The dual extruder 3D printer is a magical beast. Allowing you to combine colors and materials with abandon, creating high-quality prints with insane overhangs and dazzling aesthetics, these specialist machines of the desktop 3D printing market are versatile, excellent and worth your attention.
Here we shine a spotlight on the best out there. If you want (or need) to print better than mono-material, these dual extruder 3D printers are the ones to do it.
If you happen to balk at the idea of purchasing a dedicated machine, already in possession of a perfectly fine 3D printer, then there are dual extrusion upgrades — just use the jump link below.
Piggybacking on a design popularized by Creality’s Ender 3, the Geeetech A10M plonks a cherry on top of this particular cake with dual extrusion capability.
Indeed, thanks to two extruders – that appear to be styled after E3D’s popular Titan extruder – piping filament into the A10M’s single nozzle hotend, you can lay down two different colors in succession or, using Geeetech’s Color Mixer software, blend different colors to make new hues and shades.
By far the cheapest dual extrusion printer on this list, the Geeetech A10M is a prime example of just how far inexpensive printer kits have come in the last year and a half, maturing the feature set without drastically inflating the price. We’re not saying it’s perfect, but the price and promise of multi-color printing, it’s difficult to ignore!
Based on MakerBot’s open source Replicators of old, the Flashforge Creator Pro endures today as one of the more affordable and capable dual extrusion 3D printers around.
Sturdy construction and a fully enclosed build chamber allow for easy printing of temperature sensitive materials that would otherwise warp.
Dual extrusion on the Flashforge Creator Pro comes by way of a dual nozzle print head. Unlike IDEX systems that split the nozzles onto separate assemblies, this dual nozzle setup keeps both in play at all times and lets you print two materials that require vastly different temperatures. Such a system can lead to quicker dual extrusion prints, but caution is advised to properly set retractions to prevent the inactive nozzle from oozing material into the print.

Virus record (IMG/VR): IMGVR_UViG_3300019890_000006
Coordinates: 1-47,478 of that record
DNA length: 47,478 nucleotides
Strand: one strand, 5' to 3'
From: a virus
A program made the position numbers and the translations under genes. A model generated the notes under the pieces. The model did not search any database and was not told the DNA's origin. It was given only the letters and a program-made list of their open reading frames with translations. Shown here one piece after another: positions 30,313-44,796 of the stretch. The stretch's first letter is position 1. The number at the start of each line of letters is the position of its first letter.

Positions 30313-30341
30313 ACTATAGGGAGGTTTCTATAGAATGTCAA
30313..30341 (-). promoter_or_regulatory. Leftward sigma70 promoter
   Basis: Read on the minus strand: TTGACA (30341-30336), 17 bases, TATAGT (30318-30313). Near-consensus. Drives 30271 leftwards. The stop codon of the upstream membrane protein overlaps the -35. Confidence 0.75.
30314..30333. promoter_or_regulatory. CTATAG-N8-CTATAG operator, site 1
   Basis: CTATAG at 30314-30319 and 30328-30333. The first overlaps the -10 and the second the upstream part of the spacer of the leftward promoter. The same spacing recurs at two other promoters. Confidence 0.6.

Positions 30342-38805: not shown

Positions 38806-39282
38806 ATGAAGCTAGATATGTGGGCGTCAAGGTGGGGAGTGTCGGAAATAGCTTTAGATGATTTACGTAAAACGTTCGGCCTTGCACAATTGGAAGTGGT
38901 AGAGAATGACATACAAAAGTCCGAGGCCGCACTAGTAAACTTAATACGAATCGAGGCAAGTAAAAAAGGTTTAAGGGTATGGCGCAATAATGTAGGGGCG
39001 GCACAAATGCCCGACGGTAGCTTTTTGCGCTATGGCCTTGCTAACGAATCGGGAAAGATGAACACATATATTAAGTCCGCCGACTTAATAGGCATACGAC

Craftunique’s latest addition to the well-defined CraftBot line of printers gets a dual extrusion upgrade plus a wealth of new features, including the Supervisor filament monitoring system.
The CraftBot 3 facilitates the printing of soluble support materials with ease, thanks to the two independent prints heads — both featuring all-metal hot ends — being able to heat to different temperatures. Besides this advanced mode of printing multiple materials, perhaps the most interesting feature of the CraftBot 3 is the Supervisor filament monitoring system.
Said to monitor filament flow and take direct action on the printer whenever a problem occurs that threatens the print, the Supervisor also serves as a warning system, alerting the user to blockages and similar filament-based troubles that it cannot resolve itself.
Solid mechanics including linear rails and a ballscrew-driven Z-axis, plus silent steppers and the wonderfully feature-rich CraftWare slicer make the CrafBot 3 is a formidable machine.
Developed in Spain as a project at BarcelonaTech university, BCN3D is a go-to name for those in the market for a dual extrusion 3D printer.
Completely open source, the designs, and schematics are freely available online for scrutiny, improvement, and instruction — a desirable trait in the fast-moving world of 3D printer development, and one that encourages community feedback to the benefit of all.
The BCN3D Sigma utilizes independent dual extrusion for its printing system, meaning that it features two separate print heads on its X-axis gantry — widely considered to be the better of dual extrusion systems.
Built like a tank and featuring a pleasant to use UI, calibration setup and customized flavor of Cura for easy to manage dial extrusion prints, it’s perhaps one of the more user-friendly dual extrusion 3D printers to make this list.
Recently on the receiving end of a wholesale revision, the all-new Sigma (dubbed Sigma R19) features a reworked family of hot ends co-developed with British OEM E3D, plus the inclusion of Swedish-made Bondtech dual drive extruder gears. In all the mechanical changes should equal to better overall performance — a trait compounded with improvements to the UI and expansion of user-friendly information and tooltips on the machine itself.
The update to R19 also brought new print Mirror and Duplication print modes to the Sigma, to better take advantage of the printer’s IDEX system.
Those looking supersize their multi-material prints can look to the Sigma’s bigger sibling, the Sigmax, which features double the print volume.